Upon completion of the Strengths Finder Assessment, this online tool concluded that my top five themes are Achiever, Woo, Restorative, Learner, and Positivity. I felt these results accurately described me, as I have always been one to want to go above and beyond, win people over, solve problems, learn, and create a positive and inclusive environment.
Two Core Values
Based on the strengths that describe me, it is essential to assess these themes and understand core values I should incorporate into my daily routine to balance me out. The first core value I aim to adopt is recognition. Achievers often focus on being busy and forget to recognize when they have completed a task. According to Tom Rath, achievers should “Attach timelines and measurement to goals so that effort leads to defined progress and tangible outcomes” (2007). He says that achievers need to recognize and celebrate their victories instead of immediately moving on to their next task.
The second core value I intend to adopt is realism. Some individuals may misinterpret my positive attitude as naivety. For this reason, I must communicate that I understand unfortunate events can occur; however, I prefer to focus on the good rather than the bad. Showing people my realistic view on life can better help them understand my enthusiasm, and hopefully inspire them also to incorporate more positivity into their lives.
For me, I feel I need to work on being more deliberative. I am not one to always look at all my options and assess all the risks. I find myself just doing things rather than planning or anticipating what may go wrong. I feel I can strengthen this characteristic by teaming up with someone who is more cautious and analytical when it comes to decision-making.
I also feel I need to work on being more of a commander. I find myself too passive, in that, I do not like being in charge of big decisions. Instead, I lean on my teammates and work towards an agreement between all individuals to reach a conclusion. I also find myself avoiding confrontation at all times because I do not like conflict. According to Marshall and Broome, firm leaders can resolve a dispute when necessary (2017). I strive to add command to my list of strengths as an advanced practice registered nurse.
Some characteristics I aim to improve on are my active listening skills and appreciating individualization. As someone who works in a fast-paced environment, I tend to have a selective hearing to pick out important things that people say; however, I tend to tune out the finer details that I do not need to know immediately. While this may be good for working in the emergency department where nurses do focused assessments and work quickly, it is not something that I am proud of. As a family nurse practitioner (FNP), I understand that gathering the full picture from patients will be necessary to appropriately assess and treat them. Mckenna et al. note, “Effective listening, as a quality of effective communication has been promoted by the nursing profession as a way of demonstrating care to patients and their families” (2020).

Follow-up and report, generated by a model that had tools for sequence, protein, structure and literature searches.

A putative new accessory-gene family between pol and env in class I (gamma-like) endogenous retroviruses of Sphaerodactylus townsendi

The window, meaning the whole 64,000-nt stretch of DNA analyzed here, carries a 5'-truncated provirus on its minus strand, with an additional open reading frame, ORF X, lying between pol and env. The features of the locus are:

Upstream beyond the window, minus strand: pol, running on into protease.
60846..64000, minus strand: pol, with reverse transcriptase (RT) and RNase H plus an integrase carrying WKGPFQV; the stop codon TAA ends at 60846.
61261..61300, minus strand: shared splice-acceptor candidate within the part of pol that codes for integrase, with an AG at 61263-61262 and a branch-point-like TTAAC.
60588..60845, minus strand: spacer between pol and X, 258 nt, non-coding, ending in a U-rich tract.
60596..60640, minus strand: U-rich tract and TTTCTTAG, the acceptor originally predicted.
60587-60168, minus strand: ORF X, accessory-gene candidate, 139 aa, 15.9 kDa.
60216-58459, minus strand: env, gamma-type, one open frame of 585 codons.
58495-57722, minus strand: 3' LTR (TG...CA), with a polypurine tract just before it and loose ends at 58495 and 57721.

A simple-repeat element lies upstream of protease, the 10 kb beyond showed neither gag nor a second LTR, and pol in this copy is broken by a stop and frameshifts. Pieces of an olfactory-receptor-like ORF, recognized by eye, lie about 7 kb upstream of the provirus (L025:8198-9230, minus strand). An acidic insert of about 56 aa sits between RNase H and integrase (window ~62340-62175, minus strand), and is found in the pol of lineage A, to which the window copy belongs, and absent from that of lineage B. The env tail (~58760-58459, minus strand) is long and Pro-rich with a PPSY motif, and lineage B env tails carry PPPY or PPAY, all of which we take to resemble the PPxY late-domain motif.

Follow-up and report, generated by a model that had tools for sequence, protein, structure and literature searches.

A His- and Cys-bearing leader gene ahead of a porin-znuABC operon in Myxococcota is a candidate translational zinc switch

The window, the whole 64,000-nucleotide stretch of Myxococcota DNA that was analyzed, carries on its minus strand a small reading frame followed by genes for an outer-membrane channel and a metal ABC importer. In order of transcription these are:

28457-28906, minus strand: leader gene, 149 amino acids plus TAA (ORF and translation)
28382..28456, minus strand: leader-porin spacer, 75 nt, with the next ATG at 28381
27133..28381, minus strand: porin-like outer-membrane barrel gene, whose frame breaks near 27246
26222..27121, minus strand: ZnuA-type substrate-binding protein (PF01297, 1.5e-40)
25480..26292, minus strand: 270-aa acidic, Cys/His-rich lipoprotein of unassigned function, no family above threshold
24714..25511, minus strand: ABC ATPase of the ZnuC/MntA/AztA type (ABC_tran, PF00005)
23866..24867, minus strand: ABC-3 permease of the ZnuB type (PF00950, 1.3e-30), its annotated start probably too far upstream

I also strive to become more appreciative of individualization. It is easy to get fixated on wanting to work with others who are like me with the drive to finish tasks while maintaining a positive attitude and solving problems along the way. For this reason, it can be hard for me to work with individuals who procrastinate, have a negative attitude, or ignore details. Rath explains that those who appreciate individualization can figure out what their team members do best and capitalize on their talents, skills, or knowledge (2007). I aim to incorporate this into my practice.
Rath, T. (2007). StrengthsFinder 2.0. New York, NY: Gallup Press
Marshall, E., & Broome, M. (2017). Transformational leadership in nursing: From expert
clinician to influential leader (2nd ed.). New York, NY: Springer.
McKenna, L., Brown, T., Williams, B., & Lau, R. (2020). Empathic and listening styles of first
year undergraduate nursing students: A cross-sectional study. Journal of Professional Nursing. https://doi-org.ezp.waldenulibrary.org/10.1016/j.profnurs.2020.08.013